To put it simply, the highest forms of sobriety are boredom and cynicism. And in my opinion, these are the characteristics that make art intelligent, far-reaching, and fundamentally human. They are the parents of observation and critical thought. Boredom and cynicism give us the moments when we present honesty. They force individuals to confront truth and to think about the place of negativity in our lives. They are useful for the very fact of their sobriety and discomfort. Because they are necessarily situations that make us reevaluate who we are, what we value, the reality we are upset with, and the ways we wish things were. Moments of boredom are entirely personal; they remind us of how slowly time can go by and how many sounds are constantly in the air around us. Boredom is the form of annoyance that occurs merely due to an absence of anything else to occupy the mind.
The fascinating thing about the banal is the fact that its banality itself becomes beautiful when confronted head on. It can be a difficult idea to accept, but having spent a long time now considering my relationship to the banal, the ultimate in the non-remarkable, I can confidently say that it is fascinating. We are surrounded by objects whose materials, which may have traveled immense distances, arrived here as a result of complex political relationships between nations. Consider the chairs arranged neatly around the tables in your dining hall. Their components have been ripped from their origins and manipulated into unrecognizable forms, or else were born out of humanity’s tendency to play God. They have designs that supposedly cater to psychological and physical comfort. They were easily reproducible and in theory are entirely the same as one another, but each has an entirely different history, with different stains and strains. They occupy such specific locations in space, and move forward and backward repeatedly in a frenetic dance. And most interestingly, we sit on them daily and are entirely bored by them. They are so boring that you would have to be thoroughly bored yourself to find beauty and value in them without prompting.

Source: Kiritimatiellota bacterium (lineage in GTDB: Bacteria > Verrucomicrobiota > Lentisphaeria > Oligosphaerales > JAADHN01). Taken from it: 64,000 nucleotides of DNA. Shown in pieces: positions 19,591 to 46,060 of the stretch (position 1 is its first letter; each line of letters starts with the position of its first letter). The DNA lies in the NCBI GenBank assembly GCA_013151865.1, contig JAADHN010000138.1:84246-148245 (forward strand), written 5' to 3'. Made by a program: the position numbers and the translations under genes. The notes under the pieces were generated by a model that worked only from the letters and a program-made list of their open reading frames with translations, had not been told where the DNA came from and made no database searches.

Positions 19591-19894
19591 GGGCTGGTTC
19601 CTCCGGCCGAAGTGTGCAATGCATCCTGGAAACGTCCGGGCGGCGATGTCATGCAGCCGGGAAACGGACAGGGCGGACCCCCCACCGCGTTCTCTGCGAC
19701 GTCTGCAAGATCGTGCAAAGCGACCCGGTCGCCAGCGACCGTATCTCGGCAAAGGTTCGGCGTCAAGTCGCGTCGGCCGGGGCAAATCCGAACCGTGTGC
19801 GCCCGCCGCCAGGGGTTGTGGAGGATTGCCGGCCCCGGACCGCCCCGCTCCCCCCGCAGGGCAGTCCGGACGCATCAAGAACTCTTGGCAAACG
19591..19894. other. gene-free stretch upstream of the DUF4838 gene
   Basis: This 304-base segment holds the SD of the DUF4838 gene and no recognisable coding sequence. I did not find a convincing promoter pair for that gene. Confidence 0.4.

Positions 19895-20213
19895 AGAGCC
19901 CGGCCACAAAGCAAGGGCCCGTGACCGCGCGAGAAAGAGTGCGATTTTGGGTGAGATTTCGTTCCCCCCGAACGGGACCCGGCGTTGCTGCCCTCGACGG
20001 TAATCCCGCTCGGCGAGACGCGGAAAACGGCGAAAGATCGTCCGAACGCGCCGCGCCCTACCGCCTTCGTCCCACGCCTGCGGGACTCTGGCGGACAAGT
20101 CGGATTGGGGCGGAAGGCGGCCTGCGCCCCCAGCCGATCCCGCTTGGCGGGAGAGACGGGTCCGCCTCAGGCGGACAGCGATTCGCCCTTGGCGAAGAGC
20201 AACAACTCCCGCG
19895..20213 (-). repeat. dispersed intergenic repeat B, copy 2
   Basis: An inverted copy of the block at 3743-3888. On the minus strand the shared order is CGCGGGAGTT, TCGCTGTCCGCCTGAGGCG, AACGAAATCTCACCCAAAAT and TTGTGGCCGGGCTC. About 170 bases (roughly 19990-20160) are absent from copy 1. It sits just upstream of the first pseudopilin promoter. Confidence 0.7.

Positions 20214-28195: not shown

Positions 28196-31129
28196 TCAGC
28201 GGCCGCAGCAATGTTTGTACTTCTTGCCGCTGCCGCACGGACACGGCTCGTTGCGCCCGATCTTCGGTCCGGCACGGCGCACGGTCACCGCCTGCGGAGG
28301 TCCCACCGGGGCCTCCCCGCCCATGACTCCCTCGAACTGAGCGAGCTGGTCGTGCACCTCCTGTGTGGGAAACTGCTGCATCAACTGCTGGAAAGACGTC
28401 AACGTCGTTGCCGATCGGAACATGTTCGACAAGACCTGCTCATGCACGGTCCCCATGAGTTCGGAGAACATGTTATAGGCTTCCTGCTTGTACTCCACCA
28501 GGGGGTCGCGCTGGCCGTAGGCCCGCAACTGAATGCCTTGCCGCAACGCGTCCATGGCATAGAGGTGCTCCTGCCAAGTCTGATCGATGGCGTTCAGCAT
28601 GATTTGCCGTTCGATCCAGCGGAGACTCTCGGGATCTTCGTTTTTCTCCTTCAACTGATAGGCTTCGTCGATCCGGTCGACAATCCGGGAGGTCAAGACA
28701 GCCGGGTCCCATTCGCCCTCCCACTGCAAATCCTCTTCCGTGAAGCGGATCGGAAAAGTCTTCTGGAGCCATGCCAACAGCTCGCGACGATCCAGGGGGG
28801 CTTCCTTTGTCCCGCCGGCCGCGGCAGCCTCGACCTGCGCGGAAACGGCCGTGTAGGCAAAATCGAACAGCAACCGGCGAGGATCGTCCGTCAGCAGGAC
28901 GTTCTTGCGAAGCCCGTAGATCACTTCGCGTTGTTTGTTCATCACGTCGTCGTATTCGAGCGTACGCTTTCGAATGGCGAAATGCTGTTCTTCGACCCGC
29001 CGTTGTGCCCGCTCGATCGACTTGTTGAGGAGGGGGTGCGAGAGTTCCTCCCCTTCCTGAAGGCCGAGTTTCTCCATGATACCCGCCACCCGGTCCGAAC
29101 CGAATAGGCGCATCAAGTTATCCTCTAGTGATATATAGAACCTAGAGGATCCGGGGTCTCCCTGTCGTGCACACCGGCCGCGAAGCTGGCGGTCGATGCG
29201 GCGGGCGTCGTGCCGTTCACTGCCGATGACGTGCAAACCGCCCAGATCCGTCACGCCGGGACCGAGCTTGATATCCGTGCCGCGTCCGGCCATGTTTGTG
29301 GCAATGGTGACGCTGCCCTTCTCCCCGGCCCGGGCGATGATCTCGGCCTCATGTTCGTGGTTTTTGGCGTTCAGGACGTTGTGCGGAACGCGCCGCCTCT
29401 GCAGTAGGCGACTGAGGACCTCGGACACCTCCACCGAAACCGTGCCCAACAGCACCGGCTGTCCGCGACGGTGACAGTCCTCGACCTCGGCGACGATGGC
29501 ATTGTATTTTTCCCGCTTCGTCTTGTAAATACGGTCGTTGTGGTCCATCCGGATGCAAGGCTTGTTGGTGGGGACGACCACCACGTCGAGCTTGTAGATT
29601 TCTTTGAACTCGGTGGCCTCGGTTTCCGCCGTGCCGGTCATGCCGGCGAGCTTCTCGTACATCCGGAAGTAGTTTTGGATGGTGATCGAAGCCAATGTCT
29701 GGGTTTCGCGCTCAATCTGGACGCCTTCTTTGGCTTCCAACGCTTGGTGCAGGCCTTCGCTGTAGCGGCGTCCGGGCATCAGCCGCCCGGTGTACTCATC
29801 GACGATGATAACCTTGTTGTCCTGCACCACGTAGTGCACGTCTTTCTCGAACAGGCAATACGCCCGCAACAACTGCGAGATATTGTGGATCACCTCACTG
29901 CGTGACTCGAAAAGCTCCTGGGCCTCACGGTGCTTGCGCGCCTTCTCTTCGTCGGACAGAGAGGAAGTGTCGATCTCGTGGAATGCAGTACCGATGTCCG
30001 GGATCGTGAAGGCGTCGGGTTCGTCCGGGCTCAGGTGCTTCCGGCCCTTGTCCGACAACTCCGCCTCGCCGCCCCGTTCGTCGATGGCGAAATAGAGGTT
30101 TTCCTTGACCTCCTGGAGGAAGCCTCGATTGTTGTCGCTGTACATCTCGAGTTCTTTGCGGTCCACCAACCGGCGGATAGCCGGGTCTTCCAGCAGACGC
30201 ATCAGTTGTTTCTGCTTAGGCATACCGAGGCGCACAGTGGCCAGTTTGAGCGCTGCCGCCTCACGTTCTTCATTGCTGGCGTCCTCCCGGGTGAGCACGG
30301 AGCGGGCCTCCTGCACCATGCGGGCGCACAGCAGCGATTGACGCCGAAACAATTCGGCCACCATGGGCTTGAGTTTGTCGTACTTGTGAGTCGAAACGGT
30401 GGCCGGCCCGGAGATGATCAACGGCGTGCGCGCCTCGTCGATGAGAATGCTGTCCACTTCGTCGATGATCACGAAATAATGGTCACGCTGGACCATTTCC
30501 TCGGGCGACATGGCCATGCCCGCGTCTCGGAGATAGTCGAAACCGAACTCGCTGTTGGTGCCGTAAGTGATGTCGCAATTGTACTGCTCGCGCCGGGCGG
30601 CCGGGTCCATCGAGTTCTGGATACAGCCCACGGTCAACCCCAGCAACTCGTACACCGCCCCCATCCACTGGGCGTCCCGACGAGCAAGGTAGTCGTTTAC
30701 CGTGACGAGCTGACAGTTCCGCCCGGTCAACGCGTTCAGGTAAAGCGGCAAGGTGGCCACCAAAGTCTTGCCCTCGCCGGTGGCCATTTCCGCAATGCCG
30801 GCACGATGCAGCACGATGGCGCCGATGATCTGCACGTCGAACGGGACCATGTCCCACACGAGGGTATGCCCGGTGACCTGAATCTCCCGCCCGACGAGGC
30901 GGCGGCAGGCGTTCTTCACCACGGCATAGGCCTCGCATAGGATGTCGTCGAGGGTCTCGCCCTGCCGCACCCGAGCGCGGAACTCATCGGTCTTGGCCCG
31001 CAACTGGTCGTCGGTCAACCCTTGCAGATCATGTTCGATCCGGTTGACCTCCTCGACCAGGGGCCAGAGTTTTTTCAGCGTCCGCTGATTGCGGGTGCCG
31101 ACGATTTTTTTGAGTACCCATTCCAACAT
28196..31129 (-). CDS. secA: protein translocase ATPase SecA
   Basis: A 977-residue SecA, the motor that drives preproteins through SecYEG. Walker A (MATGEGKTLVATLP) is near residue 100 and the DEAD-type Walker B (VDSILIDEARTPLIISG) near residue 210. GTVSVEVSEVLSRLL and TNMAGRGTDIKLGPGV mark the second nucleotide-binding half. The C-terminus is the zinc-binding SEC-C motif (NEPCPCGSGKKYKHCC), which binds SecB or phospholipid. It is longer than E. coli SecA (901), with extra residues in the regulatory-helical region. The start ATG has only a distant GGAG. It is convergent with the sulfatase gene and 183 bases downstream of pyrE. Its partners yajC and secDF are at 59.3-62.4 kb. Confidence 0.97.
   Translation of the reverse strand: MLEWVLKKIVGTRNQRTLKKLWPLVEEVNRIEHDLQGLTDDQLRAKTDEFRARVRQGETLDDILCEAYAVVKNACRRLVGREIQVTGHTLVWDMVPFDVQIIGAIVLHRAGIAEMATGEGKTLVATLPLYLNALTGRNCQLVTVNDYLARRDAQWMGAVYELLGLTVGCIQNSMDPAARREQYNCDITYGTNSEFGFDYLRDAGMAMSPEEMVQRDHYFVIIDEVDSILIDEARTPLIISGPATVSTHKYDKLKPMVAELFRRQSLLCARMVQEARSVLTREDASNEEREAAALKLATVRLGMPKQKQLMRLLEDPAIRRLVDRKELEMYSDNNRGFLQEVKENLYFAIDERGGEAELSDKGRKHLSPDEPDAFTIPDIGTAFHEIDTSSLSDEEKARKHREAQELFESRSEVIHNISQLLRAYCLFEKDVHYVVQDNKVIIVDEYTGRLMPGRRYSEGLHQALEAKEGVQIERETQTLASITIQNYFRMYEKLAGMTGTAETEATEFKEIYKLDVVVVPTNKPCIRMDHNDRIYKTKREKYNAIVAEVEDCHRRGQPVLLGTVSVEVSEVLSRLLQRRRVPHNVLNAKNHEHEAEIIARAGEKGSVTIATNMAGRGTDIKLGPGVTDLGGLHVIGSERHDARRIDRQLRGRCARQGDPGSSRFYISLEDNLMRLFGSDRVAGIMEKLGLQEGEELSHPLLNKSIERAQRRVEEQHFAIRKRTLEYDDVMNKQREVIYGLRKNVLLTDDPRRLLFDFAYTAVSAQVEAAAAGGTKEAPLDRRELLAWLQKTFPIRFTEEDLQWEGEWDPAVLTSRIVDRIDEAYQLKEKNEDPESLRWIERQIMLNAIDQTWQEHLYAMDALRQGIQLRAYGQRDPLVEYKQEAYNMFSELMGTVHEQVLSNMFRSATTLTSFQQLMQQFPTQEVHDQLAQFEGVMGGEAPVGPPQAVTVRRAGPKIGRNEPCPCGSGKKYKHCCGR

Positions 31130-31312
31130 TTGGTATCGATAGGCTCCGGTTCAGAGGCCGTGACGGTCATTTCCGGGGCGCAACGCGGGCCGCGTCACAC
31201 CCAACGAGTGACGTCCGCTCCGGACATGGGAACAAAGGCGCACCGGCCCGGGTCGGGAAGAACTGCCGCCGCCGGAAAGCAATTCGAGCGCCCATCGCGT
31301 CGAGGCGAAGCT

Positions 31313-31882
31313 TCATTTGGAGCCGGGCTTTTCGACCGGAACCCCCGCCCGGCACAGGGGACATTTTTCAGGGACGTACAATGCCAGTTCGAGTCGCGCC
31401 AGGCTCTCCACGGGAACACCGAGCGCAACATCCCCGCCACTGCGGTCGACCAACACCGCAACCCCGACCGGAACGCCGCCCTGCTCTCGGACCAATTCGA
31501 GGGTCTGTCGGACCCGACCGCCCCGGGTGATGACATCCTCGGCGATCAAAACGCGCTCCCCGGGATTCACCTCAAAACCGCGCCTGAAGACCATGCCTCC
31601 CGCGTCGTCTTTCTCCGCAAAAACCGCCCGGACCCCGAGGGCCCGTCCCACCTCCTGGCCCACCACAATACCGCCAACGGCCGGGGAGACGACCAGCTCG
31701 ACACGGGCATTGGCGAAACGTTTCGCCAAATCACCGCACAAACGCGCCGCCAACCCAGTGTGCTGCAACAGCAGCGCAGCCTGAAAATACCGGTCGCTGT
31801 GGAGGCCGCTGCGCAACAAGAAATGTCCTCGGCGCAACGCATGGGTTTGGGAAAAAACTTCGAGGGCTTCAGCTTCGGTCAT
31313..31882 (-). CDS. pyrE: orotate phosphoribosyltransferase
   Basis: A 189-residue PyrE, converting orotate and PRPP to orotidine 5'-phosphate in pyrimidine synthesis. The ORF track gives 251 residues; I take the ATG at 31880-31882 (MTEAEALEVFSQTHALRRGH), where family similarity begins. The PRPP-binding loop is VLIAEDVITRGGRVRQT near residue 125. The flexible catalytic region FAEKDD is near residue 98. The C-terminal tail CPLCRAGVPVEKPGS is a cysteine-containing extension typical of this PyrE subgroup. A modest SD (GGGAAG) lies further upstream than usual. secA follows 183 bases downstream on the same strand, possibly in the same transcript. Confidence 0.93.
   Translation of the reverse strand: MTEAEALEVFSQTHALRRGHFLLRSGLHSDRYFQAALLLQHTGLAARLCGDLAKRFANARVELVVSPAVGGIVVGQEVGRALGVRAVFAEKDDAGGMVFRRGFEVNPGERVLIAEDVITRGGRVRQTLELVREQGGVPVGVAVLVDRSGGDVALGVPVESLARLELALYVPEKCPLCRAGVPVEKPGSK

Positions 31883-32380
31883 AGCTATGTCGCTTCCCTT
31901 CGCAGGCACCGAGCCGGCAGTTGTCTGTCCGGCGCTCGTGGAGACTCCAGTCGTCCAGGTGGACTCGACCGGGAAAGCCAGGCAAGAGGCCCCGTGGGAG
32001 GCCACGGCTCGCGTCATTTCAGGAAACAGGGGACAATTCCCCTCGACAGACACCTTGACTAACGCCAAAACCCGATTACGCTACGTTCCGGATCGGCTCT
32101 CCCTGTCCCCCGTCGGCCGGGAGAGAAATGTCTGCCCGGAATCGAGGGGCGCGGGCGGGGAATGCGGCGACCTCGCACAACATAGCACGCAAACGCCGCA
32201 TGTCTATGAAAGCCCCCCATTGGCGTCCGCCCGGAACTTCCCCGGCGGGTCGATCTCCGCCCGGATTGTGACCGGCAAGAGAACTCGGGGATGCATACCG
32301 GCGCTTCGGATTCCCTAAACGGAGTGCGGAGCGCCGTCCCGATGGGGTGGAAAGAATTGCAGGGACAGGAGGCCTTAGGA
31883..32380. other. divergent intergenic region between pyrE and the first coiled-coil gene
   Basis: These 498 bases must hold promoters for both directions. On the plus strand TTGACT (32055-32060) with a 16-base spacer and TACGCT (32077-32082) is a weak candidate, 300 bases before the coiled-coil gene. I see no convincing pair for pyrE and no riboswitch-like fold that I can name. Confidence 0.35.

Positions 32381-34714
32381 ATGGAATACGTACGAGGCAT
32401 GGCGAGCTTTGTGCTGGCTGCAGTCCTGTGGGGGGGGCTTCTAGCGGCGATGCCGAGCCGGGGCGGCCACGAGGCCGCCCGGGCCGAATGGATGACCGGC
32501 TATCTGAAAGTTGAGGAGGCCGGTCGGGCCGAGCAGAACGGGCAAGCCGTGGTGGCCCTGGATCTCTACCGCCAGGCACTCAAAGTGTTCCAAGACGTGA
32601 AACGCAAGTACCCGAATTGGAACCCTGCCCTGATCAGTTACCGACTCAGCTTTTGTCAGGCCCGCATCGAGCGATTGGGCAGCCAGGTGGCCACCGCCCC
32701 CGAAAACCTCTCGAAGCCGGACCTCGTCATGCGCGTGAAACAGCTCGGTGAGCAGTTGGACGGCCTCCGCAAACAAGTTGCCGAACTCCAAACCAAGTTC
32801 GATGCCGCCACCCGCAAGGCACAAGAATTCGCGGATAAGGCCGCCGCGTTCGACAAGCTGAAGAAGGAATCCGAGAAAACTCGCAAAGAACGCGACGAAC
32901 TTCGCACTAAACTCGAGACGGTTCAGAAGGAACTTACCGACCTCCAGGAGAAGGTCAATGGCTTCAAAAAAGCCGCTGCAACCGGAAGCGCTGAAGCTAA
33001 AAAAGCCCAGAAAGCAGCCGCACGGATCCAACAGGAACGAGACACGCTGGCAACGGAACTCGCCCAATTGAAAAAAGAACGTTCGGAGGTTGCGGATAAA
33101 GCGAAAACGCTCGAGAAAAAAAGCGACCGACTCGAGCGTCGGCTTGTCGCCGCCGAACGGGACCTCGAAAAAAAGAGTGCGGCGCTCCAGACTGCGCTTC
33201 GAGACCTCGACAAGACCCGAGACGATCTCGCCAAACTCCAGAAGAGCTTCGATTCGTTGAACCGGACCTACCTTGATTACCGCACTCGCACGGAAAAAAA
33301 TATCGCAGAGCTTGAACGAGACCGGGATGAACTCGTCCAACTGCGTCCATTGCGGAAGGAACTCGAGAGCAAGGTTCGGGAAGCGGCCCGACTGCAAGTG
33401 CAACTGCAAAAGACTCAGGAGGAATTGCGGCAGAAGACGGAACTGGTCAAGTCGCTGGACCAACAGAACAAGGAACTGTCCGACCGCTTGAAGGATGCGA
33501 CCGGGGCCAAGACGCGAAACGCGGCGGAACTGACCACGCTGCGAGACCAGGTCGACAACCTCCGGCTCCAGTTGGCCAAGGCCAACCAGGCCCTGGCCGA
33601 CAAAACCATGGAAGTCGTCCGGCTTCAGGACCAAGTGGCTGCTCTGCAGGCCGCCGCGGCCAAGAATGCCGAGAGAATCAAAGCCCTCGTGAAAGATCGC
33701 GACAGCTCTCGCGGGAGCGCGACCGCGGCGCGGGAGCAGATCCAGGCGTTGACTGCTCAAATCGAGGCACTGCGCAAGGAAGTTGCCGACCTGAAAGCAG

Cynicism works similarly. It accompanies critical thought and arises out of efforts to approach ideas from varying angles. Contrary to simplified understandings, cynicism is not about rejecting those things that make others feel comfortable for the sake of being contrary. Rather, the goal is to reject the affectations, corruption, and complacencies that riddle society and lead to make it possible to identify significant beauty. Much of the 20th century art that examines the human condition along entirely new — if frequently hermetic — terms stems from knowledge of the devastation that occurred after World War II and the understanding that complacency is no longer an option. As Theodor Adorno stated, “To make poetry after Auschwitz is barbaric.” Seeing the world through brutally honest, cynical lenses calls for a re-evaluation of beauty itself. And the ability to discern and define beauty according to new terms, tuned to the utter destruction humanity often brings upon itself, results in art that is aware of our humanity in its boring, hideous glory. Because when it comes down to it, the ugliness of human atrocities makes the “ugly” of traditional aesthetic terms into nothing less pleasant than the acquired taste of anchovies.
Of course, the world is never going to replace its drug use with an appreciation for the beauty of the boring. And drugs will continue to play a devastating effect on many people for many reasons while bringing some enjoyment to others. When all is said and done, though, our society could do with a re-evaluation of art and drugs as a pair. But that’s just the cynic in me talking.
Sarah Rosenthal ’15 ([email protected]) is deeply sad at the loss of another great performer.